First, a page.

"Don't pay your workers such a low wage that they can't have both food and lodging"and a Prius.
"Don't leave millions of citizens without elementary healthcare"Somehow this became a corporate responsibility too? Quelle suprise.
"Leave the natural world better than you found it."… when I think of all the innocent trees slaughtered in order for Jane Smiley's books to be published, I weep bitter tears.
"Don't cheat on your taxes, your accounting, or your business practices."Yeah, government is just way too cool about that stuff.
"Don't steal elections."Sure, let's throw that in. We tell corporations to make sure that elections aren't stolen. That's their responsibility.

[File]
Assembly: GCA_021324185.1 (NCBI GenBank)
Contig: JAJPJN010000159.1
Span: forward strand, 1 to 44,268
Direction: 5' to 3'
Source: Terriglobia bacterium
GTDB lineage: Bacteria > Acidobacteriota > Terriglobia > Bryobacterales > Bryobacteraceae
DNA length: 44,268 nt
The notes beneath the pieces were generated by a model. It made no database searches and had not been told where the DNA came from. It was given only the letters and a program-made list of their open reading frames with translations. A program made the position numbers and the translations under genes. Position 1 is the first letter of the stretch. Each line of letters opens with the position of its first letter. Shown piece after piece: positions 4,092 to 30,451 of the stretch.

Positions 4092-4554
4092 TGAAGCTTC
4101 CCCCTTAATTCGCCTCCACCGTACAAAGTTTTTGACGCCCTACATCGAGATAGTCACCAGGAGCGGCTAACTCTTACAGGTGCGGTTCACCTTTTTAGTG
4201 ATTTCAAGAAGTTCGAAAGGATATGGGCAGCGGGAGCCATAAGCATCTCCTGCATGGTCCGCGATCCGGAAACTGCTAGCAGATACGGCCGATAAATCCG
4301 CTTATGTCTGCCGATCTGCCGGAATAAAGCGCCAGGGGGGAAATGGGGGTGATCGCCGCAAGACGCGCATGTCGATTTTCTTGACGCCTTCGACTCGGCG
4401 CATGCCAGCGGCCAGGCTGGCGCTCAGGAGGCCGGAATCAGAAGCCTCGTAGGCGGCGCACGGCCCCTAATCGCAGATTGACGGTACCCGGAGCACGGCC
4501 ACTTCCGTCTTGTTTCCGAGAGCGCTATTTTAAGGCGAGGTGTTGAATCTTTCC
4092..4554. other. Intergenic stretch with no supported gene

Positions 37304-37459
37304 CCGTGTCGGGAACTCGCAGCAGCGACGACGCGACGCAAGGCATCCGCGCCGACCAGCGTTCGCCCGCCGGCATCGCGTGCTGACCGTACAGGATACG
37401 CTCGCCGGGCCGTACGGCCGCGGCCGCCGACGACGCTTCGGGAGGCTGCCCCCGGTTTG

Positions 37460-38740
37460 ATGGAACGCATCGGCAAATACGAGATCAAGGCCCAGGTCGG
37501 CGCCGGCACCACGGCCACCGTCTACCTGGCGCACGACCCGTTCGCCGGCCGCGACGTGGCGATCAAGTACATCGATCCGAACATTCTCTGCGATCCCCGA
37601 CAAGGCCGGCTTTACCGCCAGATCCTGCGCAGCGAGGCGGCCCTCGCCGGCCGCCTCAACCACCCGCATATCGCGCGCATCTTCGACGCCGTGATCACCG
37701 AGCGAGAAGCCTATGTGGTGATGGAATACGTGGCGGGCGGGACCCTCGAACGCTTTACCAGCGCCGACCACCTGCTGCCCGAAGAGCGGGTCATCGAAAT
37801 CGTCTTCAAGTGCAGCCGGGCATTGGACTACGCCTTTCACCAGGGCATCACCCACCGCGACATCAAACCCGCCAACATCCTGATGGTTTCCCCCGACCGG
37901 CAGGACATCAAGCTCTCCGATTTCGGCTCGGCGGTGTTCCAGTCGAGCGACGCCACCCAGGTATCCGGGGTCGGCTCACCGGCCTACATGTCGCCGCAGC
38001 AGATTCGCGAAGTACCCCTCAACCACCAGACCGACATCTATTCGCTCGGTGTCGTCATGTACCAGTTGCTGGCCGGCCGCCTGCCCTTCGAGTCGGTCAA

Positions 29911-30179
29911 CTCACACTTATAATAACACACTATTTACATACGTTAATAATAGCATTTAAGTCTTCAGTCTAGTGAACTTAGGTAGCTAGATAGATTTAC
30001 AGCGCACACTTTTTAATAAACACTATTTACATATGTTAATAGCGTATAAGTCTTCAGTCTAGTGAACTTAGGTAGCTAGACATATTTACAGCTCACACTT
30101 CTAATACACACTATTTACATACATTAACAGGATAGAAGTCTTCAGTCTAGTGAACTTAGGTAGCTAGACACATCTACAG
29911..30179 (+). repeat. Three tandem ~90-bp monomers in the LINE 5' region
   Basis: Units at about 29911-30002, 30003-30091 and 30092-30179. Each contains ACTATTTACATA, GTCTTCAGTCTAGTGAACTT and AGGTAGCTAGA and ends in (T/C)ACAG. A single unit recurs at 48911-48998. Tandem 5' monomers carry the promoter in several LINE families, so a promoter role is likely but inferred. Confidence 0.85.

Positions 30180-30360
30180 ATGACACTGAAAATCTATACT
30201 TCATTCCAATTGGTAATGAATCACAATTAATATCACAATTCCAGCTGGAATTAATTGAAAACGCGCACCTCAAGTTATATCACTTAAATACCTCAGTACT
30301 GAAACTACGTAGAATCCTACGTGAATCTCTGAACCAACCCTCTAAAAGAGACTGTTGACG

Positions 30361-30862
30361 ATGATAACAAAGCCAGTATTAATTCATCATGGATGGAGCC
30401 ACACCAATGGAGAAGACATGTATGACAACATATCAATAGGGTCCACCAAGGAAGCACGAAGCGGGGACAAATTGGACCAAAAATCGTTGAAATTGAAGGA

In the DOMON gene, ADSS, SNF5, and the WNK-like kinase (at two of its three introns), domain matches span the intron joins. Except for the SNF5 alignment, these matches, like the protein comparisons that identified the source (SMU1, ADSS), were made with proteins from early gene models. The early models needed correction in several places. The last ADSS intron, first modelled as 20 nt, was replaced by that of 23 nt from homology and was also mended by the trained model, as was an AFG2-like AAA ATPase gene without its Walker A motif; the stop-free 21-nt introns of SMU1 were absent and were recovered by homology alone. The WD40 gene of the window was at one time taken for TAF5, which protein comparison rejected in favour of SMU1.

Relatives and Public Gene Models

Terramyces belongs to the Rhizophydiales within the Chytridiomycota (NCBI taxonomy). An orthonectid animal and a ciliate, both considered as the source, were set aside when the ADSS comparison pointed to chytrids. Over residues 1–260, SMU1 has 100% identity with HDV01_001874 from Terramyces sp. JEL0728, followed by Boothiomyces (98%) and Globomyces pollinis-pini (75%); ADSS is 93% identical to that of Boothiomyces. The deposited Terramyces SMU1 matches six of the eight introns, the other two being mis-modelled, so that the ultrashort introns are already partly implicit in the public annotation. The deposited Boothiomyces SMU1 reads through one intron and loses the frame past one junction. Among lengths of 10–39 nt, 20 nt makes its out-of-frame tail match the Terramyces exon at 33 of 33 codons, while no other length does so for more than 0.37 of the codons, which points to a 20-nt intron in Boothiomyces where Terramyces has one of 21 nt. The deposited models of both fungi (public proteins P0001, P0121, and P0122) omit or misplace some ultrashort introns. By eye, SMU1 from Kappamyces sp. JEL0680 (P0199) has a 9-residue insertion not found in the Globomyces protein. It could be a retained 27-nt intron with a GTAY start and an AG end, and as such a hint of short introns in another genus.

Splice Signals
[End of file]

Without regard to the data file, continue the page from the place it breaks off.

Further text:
"All citizens have basic human worth."Citizens, hm? Reading between the lines, apparently Ms. Smiley is down on immigrants.
Well, after that lecture …
Instead, thanks to the theorists of the free market, we live in a country where the corporations tell the government -- "We are going to do whatever we want, and you are going to do whatever we want, too. Citizens will be valued according to their financial assets. The natural world will be ruthlessly mined for 'wealth creation.' And everyone is going pretend that this is not only more profitable for us, it is morally better."In all this bleakness, it's a real miracle that one of those nasty corporations produced that Prius, then, isn't it?
What sort of people produce Wal-Mart? …Oh, damn. Now we're on Wal-Mart.